Stuart Charlton wrote:
>> The problem is, how does a machine user deduce which of the presented
>> state-transition options will advance it towards its goal? This is a
>> problem orthogonal to REST, which is not to say off-topic to rest-
>> discuss. Once the client component arrives at the proper steady-
>> state REST doesn't enter the equation again, until the user requests
>> some transition to the next steady-state in their specific
> That's rather extreme.
No, saying this has nothing to do with REST or declaring it off-topic
to rest-discuss would be extreme; I did neither. ;-)
> Implementers clearly are curious how to retain the constraints of the
> architecture and build m2m agents. While the techniques for building
> goal-directed agents aren't particular to REST, they're certainly of
> interest to this audience, and it's been a sorely lacking area of
> exploration, IMO.
Agreed. To more explicitly state my position: Discussions of m2m REST
consistently violate the layered-system and self-descriptive-messaging
constraints. We need to change the discussion so these m2m agents are
manipulating the API, not the other way 'round...
First, user and user-agent are combined into client-component. This
leads to (amongst other horrors) APIs where a separate media type is
used to represent each resource state, enforcing a 1:1 relationship
between resource state and application state -- itself a violation of
the layered-system constraint -- by solving a vocabulary problem over
the wire, i.e. at the protocol layer.
Solving a vocabulary problem over the wire with custom media types
results from a violation of the layered-system constraint, and carries
that error forward. The resulting API violates the self-descriptive-
messaging constraint and HTTP by failing to use well-known, registered
media types to derive application steady-states.
All led to from the notion that an m2m client is a user-agent not a
user, and that a REST application instructs these m2m user-agents what
to do. Which is entirely backwards from what a REST application *is*.
The user informs the user-agent of the next step, the series of steps
from initial URI to completion of some task is defined as a "REST
application". Not the other way around! Not even for m2m! No!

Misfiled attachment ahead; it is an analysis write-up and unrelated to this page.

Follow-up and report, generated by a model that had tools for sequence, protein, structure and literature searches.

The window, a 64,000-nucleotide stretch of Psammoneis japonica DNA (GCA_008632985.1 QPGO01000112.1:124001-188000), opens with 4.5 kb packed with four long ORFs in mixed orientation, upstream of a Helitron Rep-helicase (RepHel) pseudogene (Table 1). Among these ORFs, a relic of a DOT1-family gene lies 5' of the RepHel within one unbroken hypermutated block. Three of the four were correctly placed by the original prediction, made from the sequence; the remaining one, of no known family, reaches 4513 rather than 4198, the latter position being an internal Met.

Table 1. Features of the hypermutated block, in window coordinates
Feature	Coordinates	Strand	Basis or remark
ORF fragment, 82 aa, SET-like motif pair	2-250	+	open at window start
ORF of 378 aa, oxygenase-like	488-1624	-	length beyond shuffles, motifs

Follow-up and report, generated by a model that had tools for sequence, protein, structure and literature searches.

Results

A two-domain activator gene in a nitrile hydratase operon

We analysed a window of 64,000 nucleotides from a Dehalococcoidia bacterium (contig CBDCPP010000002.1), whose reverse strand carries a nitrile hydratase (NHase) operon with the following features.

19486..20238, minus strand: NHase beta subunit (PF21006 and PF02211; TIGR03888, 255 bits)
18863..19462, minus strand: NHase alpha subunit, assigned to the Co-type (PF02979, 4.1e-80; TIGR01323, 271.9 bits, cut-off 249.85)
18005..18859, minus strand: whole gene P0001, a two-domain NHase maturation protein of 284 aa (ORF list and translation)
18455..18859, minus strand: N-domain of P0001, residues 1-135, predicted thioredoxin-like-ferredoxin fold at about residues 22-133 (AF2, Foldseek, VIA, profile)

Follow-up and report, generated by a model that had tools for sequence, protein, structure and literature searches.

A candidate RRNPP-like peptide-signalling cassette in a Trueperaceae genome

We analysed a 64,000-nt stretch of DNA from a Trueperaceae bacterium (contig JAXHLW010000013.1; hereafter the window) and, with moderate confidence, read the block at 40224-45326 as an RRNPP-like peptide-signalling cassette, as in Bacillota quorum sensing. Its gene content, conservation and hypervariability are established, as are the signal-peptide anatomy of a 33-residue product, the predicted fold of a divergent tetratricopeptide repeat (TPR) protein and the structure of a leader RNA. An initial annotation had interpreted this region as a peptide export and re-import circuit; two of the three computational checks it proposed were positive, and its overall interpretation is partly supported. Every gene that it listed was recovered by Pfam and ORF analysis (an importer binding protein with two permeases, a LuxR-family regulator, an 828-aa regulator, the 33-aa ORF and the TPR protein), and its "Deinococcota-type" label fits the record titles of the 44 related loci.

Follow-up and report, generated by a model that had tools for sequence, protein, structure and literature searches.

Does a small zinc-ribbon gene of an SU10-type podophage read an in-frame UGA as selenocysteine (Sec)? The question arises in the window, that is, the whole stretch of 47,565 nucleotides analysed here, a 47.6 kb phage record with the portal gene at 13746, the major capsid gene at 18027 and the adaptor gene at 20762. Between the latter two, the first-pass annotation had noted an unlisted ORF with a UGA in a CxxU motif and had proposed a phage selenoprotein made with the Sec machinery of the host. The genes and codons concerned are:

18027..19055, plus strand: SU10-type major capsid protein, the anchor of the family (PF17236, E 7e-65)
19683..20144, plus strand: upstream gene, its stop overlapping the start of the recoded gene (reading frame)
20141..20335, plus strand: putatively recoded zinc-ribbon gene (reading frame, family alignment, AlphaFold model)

This mess may be avoided from the get-go by applying some REST
discipline and recognizing that a user and a user-agent are indeed
separate layers in a system, regardless of the nature of the user.
So, in order to have a discussion about m2m REST, we must distinguish
between user and user-agent, avoiding the paper tiger of machine vs.
human user-agents -- such a distinction being a violation of the
The distinction between human and machine belongs in the user component
of a REST system. The problem is, how do we inform the user of the
meaning of the possible state transitions? When the user is human, the
solution is simple -- natural language. When the user is a machine,
the solution is no less simple -- machine language -- just harder to
implement. Either way, these domain-specific (even if standardized)
vocabularies must be embedded within the standard methods, media types
and link relations making up the REST API.
The first thing you need in a REST API are standard link relations,
methods and media types to instruct user-agents how to arrive at an
application steady-state when a URI is dereferenced. Domain-specific
vocabularies are used which allow the user-agent to inform the user
what options there are and what information is required to proceed,
i.e. natural-language descriptions of form fields and submission
buttons in a shopping-cart system.
It's the human user instructing the user-agent how to proceed.
Domain-specific vocabularies which allow the user-agent to inform a
machine user what options there are and what information is required
to proceed, i.e. machine-language descriptions of form fields and
submission buttons in a shopping-cart system, are embedded within the
steady-state just like natural-language vocabularies, except as
metadata instead of as content.
It's the machine user instructing the user-agent how to proceed.
This is RESTful m2m development and must be emphasized. It must also be
emphasized that "user decides what to do" isn't part of a REST
application -- it *defines* any given REST application (what the user
is trying to do). So please, folks, stop writing m2m HTTP APIs which
instruct the *user* how to proceed and calling the result a REST
REST ends at "user-agent informs the user what it can do", while "user
decides what to do" is out-of-scope. This isn't extremist, it's central
to having the entire m2m discussion; the point is, the discussion must
be framed properly as "how does the user-agent inform the user of its
options" not "how does the API instruct the user of the next step"
(which leaps right across the user-agent layer, while standing the
definition of "REST application" on its head, you see).